Or where shall I find lamentable cryes, Pined with griefe of folly late repented :

And mournfull tunes, enough my griefe to show ? Eftsoones her white streight legs were altered Helpe, O thou tragick Muse, me to devise To crooked crawling shankes, of marrowe empted ; Notes sad enough, t expresse this bitter throw: And her faire face to foule and loathsome hewe, For loe, the drerie stownd is now arrived, And her fine corpes to' a bag of venim grewe. That of all happines hath us deprived.

The luckles Clarion, whether cruell Fate

mine, (which might much prevaile with me, and Or wicked Fortune faultles him misled,

indeede commaund me) knowing with howe Or some ungracious blast out of the gate Of Aeoles raine perforce him drove on hed,

straight bandes of duetie I was tied to bim, as Was (O sad hap and howre unfortunate !) also bound unto that noble house, (of which the With violent swift fight forth caried

chiefe hope then rested in him) bave sought to Into the cursed cobweb, which his foe

revive them by upbraiding me, for that I bave Had framed for his finall overthroe.

not shewed anie tbankefull remembrance towards There the fond fie, entangled, strugled long,

him or any of them; but suffer their names to Himselfe to free thereout; but all in vaine. sleep in silence and forgetfulnesse. Whome For, striving more, the more in laces strong chieflie to satisfie, or els to avoide that fowle blot Himselfe he tide, and wrapt his wingës twaine

of unthankefulnesse, I have conceived this small In lymje snares the subtill loupes among; That in the ende he breathlesse did remaine,

poeme, intituled by a generall name of The And, all his yongthly forces idly spent,

Worlds Ruines : yet speciallie intended to the Him to the mercie of th' avenger lenl.

renowming of that noble race, from wbich both

you and he sprong, and to the eternizing of Which when the griesly tyrant did espie,

some of the chiefe of them late deceased. The Like a grimme lyon rushing with fierce might Out of his den, he seized greedelie

which I dedicate unto your la. as whome it most On the resist'es pray; and, with fell spight, specially concerneth ; and to whome I acknow. Under the left wing strooke his weapon slie ledge my selfe bounden by many singnlar favours Into his heart, that his deepe groning spright In bloodie streames forth fed into the aire,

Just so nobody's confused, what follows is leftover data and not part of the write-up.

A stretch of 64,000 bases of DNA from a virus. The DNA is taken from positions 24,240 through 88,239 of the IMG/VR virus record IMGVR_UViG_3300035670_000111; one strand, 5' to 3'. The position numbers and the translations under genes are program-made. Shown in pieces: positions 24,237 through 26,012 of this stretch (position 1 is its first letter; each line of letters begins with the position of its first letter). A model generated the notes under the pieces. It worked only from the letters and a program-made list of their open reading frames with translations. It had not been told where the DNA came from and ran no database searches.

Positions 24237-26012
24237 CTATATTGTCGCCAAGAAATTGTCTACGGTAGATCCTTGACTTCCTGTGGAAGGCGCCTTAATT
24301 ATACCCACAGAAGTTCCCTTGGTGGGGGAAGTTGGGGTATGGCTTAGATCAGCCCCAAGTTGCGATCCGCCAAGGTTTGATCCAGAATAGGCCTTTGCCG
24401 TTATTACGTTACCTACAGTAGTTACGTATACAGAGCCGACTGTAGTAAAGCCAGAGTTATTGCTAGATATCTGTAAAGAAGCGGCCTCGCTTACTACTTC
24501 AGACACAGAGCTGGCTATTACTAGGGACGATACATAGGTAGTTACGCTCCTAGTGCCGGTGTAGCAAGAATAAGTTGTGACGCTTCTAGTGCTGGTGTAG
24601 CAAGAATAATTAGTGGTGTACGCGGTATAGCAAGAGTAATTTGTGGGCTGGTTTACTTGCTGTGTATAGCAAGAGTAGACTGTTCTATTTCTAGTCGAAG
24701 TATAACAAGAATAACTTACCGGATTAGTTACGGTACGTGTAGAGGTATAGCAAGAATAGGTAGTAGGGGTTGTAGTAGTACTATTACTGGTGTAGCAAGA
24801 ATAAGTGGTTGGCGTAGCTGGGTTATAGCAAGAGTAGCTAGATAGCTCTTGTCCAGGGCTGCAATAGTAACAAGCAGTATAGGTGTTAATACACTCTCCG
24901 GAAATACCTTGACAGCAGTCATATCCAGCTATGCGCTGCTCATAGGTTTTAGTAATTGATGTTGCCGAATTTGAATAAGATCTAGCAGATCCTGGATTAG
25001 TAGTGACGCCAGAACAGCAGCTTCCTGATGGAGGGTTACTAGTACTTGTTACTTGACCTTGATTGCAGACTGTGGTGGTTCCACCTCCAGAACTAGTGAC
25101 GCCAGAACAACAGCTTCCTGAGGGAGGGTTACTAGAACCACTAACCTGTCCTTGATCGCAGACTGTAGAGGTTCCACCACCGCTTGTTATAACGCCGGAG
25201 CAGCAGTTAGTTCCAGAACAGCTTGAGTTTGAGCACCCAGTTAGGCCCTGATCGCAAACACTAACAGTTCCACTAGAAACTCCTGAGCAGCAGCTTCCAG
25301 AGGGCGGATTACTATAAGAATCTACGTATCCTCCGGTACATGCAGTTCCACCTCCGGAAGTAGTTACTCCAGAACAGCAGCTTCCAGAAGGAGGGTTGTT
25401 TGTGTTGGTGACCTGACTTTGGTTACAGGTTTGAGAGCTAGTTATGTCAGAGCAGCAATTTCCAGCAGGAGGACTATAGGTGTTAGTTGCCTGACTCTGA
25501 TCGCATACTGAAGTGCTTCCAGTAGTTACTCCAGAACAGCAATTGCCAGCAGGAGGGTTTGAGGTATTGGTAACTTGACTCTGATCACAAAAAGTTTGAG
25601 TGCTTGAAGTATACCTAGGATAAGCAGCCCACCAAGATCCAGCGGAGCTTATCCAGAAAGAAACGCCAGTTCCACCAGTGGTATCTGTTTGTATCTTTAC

and great graces. I pray for your hovourable His bodie left the spectacle of care.

happinesse : and so humbly kisse your hands.

Your ladiships ever humblie at commaund,

E. $.

THE

RUINES OF TIME.

THE

1591.

RUINES OF TIME.

DEDICATED TO THE

THE

It chaunded me on day beside the shore
Of silver-streaming Thamesis to bee,

Nigh where the goodly Verlame stood of yore, RIGHT NOBLE AND BEAUTIFULL LADIE, Of which there now remaines no memorie,

Nor anie little moniment to see,
By which the travailer, that fares that way,

This once was she, may warned be to say.
LA: MARIE, COUNTESSE OF PEMBROOKE.

There, on the other side, I did behold

A woman sitting sorrowfullie wailing, Most honourable and bountifull ladie, there bee Rending her yellow locks, like wyrie gold long sithens deepe sowed in my brest the seedes About her shoulders careleslie downe trailing, of most entire love and humble affection unto that. Aud streames of teares from her faire eyes forth

In her right hand a broken rod she held, (railing : inost brave knight, your noble brother deceased; which towards Heaven she seemd on high to weld. which, taking roote, began in his life time somewhat to bud forth, and to shew themselves to him, Whether she were one of that rivers nymphes, as then in the weaknes of their tirst spring; and Which did the losse of some dere love lament,

I doubt; or one of those three fatall impes, would in their riper strength (had it pleased which draw the dayes of men forth in extent ; high God till then to drawe ont his daies) spired Or th' auncient genius of that citie brent: forth fruit of more perfection. But since God But, seeing her so piteouslie perplexed, hath disdeigned the world of that most noble spi- 1 (to her calling) askt what her so vexed. rit, which was the hope of all learned men, and “ Ah! what delight” (quoth she) “in earthlie thing, the patron of my young Muses; together with Or comfort can I, wretched creature, have! him both their hope of anie further fruit was cut Whose happines the Heavens envying, off, and also the tender delight of those their first From highest staire to lowest step me drave,

And have in mine owne bowels made my grave, blossoins nipped and quite dead. Yet, sithens That of all nations now I am forlorne, my late cuinning into England, some frends of The worlds sad spectacle, and fortunes scorne.”

Much was I mooved at her piteous plaint, “ High towers, faire temples, goodly theaters, And felt my heart nigh riven in my brest

Strong walls, rich porches, princely pallaces, With tender ruth to see her sore constraint; Large streets, brave houses, sacred sepulchers, That, shedding teares a while, I still did rest, Sure gates, sweete gardens, statel , galleries, And, after, did her name of her request.

Wrought with faire pillours and tine imageries; "Name have I none” (quoth she) * nor any being, All those (O pitie !) now are turnd to dust, Bereft of both by Fatės uniust decreeing.